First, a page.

Seattle Mini Maker Faire is only three months away, but if you can’t wait to start tinkering, building, inventing, or creating, the National Week of Making (#WeekofMaking) kicks off on June 16. Organized by the nonprofit organization Nation of Makers, the week will highlight the diversity of Makers big and small, young and old, urban and rural, throughout the country. Makers are encouraged to participate in activities taking place in their local communities to celebrate the innovation, ingenuity, and creativity of Makers.
As part of the national week of making, Seattle’s SoDo Maker Space is hosting the LipSync Buildathon, Sunday June 18, 10:00am–4:30pm. The Buildathon “connects a person with a disability to makers” to build the LipSync, an open source assistive technology, which enables a person with no use of their hands to use a touchscreen device with a mouth-operated joystick that controls an onscreen cursor.
Teams will be given tools and parts, then work together to assemble, solder, 3D-print components, transfer the code onto an Arduino board, and mount the device to a wheelchair. The teams will be supported by the LipSync creators, the Neil Squire Society, and their new program, Makers Making Change: connecting makers to people with disabilities to create open-source assistive technologies.
Bluthe is a “terrifying” six-foot tall Theo Jansen-inspired animatronic robot with an articulated neck; moving head and jaws; eyes that swivel, flash and blink; and a mouth that breathes fire created by 12-year-old Anantika Mannby for the 2016 Seattle Mini Maker Faire.
One of most incredible things about Maker Faire is the range of projects and makers. From youth makers to makers representing major tech companies in the area, everyone is a maker and can learn and be inspired by the range of projects.
Don’t hesitate if you are thinking about applying!
Maker Faire audiences are enthusiastic and want to see and talk about all kinds of projects! Whatever it is you like to make, we encourage everyone to show it off to more than 6,000 enthusiastic attendees at Seattle Mini Maker Faire. We can’t wait to see what you do. Apply by June 26!
Here are a few examples of the wide range of projects from the past:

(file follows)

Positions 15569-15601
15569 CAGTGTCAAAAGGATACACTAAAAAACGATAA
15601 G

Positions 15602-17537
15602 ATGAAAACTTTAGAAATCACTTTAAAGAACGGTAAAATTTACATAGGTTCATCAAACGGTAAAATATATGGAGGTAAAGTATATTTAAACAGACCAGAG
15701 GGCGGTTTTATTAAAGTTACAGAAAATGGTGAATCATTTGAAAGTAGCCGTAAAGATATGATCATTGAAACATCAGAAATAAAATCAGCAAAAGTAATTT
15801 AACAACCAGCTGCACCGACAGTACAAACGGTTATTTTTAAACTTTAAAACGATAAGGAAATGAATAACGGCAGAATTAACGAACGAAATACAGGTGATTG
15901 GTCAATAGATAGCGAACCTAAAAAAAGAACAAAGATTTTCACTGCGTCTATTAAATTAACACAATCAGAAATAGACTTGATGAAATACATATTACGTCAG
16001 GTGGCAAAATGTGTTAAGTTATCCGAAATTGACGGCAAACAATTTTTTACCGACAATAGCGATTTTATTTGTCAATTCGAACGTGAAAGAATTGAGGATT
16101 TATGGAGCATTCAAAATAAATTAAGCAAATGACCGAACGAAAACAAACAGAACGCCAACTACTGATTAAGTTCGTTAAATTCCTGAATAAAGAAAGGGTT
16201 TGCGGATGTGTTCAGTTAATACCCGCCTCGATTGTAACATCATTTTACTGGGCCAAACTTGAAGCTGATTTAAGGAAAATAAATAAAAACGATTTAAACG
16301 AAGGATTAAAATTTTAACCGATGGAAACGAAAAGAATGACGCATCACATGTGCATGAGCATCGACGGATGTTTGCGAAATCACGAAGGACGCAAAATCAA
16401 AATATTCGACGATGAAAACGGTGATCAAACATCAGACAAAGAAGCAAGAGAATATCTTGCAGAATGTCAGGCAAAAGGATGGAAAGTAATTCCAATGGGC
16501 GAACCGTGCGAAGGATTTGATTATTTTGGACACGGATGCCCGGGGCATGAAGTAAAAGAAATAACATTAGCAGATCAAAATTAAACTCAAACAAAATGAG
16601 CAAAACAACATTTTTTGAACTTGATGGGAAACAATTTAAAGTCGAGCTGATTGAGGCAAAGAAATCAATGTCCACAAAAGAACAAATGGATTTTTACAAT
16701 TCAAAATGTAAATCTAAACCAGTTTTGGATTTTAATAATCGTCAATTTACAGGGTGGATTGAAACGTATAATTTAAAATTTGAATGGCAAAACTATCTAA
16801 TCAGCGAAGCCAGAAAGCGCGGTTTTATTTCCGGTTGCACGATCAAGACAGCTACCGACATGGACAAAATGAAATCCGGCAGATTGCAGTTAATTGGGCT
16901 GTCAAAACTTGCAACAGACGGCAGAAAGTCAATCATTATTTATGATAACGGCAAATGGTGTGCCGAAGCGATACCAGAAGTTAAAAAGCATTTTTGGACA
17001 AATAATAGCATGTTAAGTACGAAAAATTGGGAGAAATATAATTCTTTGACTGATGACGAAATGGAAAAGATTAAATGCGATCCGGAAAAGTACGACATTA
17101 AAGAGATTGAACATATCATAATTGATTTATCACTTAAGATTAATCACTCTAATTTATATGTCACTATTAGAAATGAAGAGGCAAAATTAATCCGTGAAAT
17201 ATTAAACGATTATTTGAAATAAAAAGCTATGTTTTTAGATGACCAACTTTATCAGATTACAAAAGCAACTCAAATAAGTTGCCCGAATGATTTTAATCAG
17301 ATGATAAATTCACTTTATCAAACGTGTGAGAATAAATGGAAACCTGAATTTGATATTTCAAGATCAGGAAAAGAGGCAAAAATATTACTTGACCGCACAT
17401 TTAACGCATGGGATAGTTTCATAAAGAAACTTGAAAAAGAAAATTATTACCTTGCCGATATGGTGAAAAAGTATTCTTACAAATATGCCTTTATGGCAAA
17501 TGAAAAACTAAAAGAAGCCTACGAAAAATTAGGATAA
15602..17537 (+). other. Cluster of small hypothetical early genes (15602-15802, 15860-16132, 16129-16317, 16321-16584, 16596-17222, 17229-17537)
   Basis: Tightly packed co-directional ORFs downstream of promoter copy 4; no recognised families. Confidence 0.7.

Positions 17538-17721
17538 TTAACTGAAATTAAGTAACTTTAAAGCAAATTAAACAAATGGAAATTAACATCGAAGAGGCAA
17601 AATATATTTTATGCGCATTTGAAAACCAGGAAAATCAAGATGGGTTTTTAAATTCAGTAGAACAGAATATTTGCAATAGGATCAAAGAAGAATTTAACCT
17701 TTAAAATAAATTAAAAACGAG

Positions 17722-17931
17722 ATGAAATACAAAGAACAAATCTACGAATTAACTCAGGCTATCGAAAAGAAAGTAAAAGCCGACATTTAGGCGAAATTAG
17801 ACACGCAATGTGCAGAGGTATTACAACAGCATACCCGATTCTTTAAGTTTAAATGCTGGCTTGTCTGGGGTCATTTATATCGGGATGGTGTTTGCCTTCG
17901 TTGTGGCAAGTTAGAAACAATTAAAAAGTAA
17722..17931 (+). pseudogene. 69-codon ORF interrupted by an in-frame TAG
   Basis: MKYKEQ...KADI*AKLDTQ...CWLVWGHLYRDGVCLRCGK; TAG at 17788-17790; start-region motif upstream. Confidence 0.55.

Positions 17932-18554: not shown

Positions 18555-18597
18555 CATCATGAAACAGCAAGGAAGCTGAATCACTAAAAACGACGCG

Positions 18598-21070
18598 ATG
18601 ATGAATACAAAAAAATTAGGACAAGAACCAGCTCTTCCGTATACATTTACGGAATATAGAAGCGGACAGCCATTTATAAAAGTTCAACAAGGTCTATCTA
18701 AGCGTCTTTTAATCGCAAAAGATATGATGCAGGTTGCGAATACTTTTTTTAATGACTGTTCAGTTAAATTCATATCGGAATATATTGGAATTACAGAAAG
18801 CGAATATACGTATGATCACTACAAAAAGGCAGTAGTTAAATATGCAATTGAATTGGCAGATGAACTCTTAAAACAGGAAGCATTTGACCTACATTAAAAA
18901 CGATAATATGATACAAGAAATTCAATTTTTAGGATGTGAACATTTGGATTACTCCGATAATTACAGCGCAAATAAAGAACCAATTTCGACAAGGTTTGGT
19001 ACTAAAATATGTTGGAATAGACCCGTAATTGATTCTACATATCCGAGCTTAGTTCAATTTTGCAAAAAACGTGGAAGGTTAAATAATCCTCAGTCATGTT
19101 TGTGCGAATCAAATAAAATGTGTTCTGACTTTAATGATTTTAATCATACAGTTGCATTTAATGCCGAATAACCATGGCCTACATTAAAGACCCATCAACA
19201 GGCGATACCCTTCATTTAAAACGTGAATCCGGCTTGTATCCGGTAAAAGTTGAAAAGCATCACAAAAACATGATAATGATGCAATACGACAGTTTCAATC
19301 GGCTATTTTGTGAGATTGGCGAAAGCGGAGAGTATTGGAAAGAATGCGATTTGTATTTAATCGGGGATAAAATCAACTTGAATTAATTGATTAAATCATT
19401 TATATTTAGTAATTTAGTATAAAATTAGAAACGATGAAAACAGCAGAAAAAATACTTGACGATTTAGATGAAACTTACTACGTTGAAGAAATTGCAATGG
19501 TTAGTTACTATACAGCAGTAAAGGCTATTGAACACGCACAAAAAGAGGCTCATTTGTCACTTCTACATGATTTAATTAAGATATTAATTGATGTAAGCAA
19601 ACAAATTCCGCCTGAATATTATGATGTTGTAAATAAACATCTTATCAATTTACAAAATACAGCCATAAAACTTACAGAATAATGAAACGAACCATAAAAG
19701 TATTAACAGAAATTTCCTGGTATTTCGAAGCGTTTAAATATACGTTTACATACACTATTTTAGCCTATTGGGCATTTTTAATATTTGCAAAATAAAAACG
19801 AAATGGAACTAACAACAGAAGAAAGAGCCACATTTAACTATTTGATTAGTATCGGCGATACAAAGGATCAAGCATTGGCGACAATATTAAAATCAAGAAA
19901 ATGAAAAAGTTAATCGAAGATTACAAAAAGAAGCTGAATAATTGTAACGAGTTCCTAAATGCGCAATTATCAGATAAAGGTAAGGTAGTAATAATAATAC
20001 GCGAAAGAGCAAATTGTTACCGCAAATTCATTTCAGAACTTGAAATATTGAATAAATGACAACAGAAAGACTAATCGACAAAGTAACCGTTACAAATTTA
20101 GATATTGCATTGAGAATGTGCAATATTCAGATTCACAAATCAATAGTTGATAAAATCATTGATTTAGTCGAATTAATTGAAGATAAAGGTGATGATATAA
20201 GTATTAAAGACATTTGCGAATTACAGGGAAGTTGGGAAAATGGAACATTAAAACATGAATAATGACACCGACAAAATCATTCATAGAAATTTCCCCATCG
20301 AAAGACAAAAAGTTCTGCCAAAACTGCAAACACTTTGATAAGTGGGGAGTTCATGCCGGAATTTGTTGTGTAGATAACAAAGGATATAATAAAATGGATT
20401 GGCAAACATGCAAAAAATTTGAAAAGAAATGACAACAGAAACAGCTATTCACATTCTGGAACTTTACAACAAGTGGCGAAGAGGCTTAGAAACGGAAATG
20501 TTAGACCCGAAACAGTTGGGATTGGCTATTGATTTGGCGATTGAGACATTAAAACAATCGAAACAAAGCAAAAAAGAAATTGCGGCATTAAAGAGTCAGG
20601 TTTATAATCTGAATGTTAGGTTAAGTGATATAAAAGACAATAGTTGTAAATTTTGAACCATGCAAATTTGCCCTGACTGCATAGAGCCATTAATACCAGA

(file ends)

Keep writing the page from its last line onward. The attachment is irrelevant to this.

Stranger IOThings Wall, created by Makerologist, is a replica of the alphabet wall from the hit Netflix TV series, Stranger Things. Attendees can spell out messages on the wall using a mobile application. This popular installation was displayed at last year’s Mini Maker Faires in Portland and Seattle, has made appearances at MoPoP events, and was featured in MAKE Magazine.
In 2015, 10-year-old Aditi Mannby (Bluthe maker Anantika Mannby’s sister) brought the hover cart: a motorized creation that combined the propulsion and movement methods of hovercraft and electrical ground vehicles. When the hovercraft is active, it lifts the cart’s wheels lift off the ground, and when it is turned off, batteries and an electric motor allow the vehicle to be driven like a go-kart.
In 2015, Liz Gasper provided a chance for attendees to experience the convergence of art, science, and sustainability as they dipped their fingers in pulp made entirely of clean recycled materials. Guests were invited to make their own gorgeous piece of handmade paper to take home in this hands-on art workshop.
In 2015, a maker from IoT at Microsoft brought a giant light-up keyboard for guests to play on.
Artist Ryan Feddersen created an interactive wire frame sculpture. Guests were invited to add colored ribbons throughout the weekend to complete the figure.
One of our favorites! Proving that you can make something awesome out of the everyday, Couch Armada pieced together the guts from two mobility scooters, fifteen meters of RGB strips for lighting, four speakers, and a subwoofer to build the mobile living room piece, Couch Chaisse.